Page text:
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How to Be Alone - Essays-logo

How to Be Alone - Essays

Jonathan Franzen

Passionate, strong-minded nonfiction from the National Book Award-winning author of The Corrections Jonathan Franzen's The Corrections was the best-loved and most-written-about novel of 2001. Nearly every in-depth review of it discussed what became known as "The Harper's Essay," Franzen's controversial 1996 investigation of the fate of the American novel. This essay is reprinted for the first time in How to be Alone, along with the personal essays and the dead-on reportage that earned Franzen a wide readership before the success of The Corrections. Although his subjects range from the sex-advice industry to the way a supermax prison works, each piece wrestles with familiar themes of Franzen's writing: the erosion of civic life and private dignity and the hidden persistence of loneliness in postmodern, imperial America. Recent pieces include a moving essay on his father's stuggle with Alzheimer's disease (which has already been reprinted around the world) and a rueful account of Franzen's brief tenure as an Oprah Winfrey author. As a collection, these essays record what Franzen calls "a movement away from an angry and frightened isolation toward an acceptance--even a celebration--of being a reader and a writer." At the same time they show the wry distrust of the claims of technology and psychology, the love-hate relationship with consumerism, and the subversive belief in the tragic shape of the individual life that help make Franzen one of our sharpest, toughest, and most entertaining social critics.

Passionate, strong-minded nonfiction from the National Book Award-winning author of The Corrections Jonathan Franzen's The Corrections was the best-loved and most-written-about novel of 2001. Nearly every in-depth review of it discussed what became known as "The Harper's Essay," Franzen's controversial 1996 investigation of the fate of the American novel. This essay is reprinted for the first time in How to be Alone, along with the personal essays and the dead-on reportage that earned Franzen a wide readership before the success of The Corrections. Although his subjects range from the sex-advice industry to the way a supermax prison works, each piece wrestles with familiar themes of Franzen's writing: the erosion of civic life and private dignity and the hidden persistence of loneliness in postmodern, imperial America. Recent pieces include a moving essay on his father's stuggle with Alzheimer's disease (which has already been reprinted around the world) and a rueful account of Franzen's brief tenure as an Oprah Winfrey author. As a collection, these essays record what Franzen calls "a movement away from an angry and frightened isolation toward an acceptance--even a celebration--of being a reader and a writer." At the same time they show the wry distrust of the claims of technology and psychology, the love-hate relationship with consumerism, and the subversive belief in the tragic shape of the individual life that help make Franzen one of our sharpest, toughest, and most entertaining social critics.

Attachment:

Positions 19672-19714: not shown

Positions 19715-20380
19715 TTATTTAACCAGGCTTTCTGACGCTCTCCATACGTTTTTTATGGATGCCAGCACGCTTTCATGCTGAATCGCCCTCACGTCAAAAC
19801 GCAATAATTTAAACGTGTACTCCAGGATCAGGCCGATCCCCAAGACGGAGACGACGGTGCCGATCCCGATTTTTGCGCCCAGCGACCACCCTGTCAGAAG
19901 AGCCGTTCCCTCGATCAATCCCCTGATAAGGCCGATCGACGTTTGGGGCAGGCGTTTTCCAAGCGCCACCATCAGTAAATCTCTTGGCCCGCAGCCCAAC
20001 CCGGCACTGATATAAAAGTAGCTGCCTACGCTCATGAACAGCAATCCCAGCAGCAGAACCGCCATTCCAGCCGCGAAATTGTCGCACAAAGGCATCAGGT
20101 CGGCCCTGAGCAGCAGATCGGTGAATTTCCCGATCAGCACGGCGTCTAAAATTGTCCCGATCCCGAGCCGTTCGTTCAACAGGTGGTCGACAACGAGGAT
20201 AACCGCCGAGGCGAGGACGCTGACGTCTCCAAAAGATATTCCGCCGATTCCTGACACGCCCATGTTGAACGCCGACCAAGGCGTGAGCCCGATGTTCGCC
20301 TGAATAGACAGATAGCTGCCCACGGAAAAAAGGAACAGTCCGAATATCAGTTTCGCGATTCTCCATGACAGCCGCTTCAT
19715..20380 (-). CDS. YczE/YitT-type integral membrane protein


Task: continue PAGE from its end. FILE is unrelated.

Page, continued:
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Description:

Passionate, strong-minded nonfiction from the National Book Award-winning author of The Corrections Jonathan Franzen's The Corrections was the best-loved and most-written-about novel of 2001. Nearly every in-depth review of it discussed what became known as "The Harper's Essay," Franzen's controversial 1996 investigation of the fate of the American novel. This essay is reprinted for the first time in How to be Alone, along with the personal essays and the dead-on reportage that earned Franzen a wide readership before the success of The Corrections. Although his subjects range from the sex-advice industry to the way a supermax prison works, each piece wrestles with familiar themes of Franzen's writing: the erosion of civic life and private dignity and the hidden persistence of loneliness in postmodern, imperial America. Recent pieces include a moving essay on his father's stuggle with Alzheimer's disease (which has already been reprinted around the world) and a rueful account of Franzen's brief tenure as an Oprah Winfrey author. As a collection, these essays record what Franzen calls "a movement away from an angry and frightened isolation toward an acceptance--even a celebration--of being a reader and a writer." At the same time they show the wry distrust of the claims of technology and psychology, the love-hate relationship with consumerism, and the subversive belief in the tragic shape of the individual life that help make Franzen one of our sharpest, toughest, and most entertaining social critics.

Language:

English

Narrators:

Brian d'Arcy James

Length:

8h 17m


Chapters

Introduction
Introduction

07:07


Chapter 1
Chapter 1

58:57


Chapter 2
Chapter 2

28:17


Chapter 3
Chapter 3

01:14:51


Chapter 4
Chapter 4

01:12:23


Chapter 5
Chapter 5

05:27


Chapter 6
Chapter 6

38:57


Chapter 7
Chapter 7

28:31


Chapter 8
Chapter 8

29:44


Chapter 9
Chapter 9

29:26


Chapter 10
Chapter 10

56:29


Chapter 11
Chapter 11

29:32


Chapter 12
Chapter 12

29:50


Chapter 13
Chapter 13

06:23


Chapter 14
Chapter 14

01:16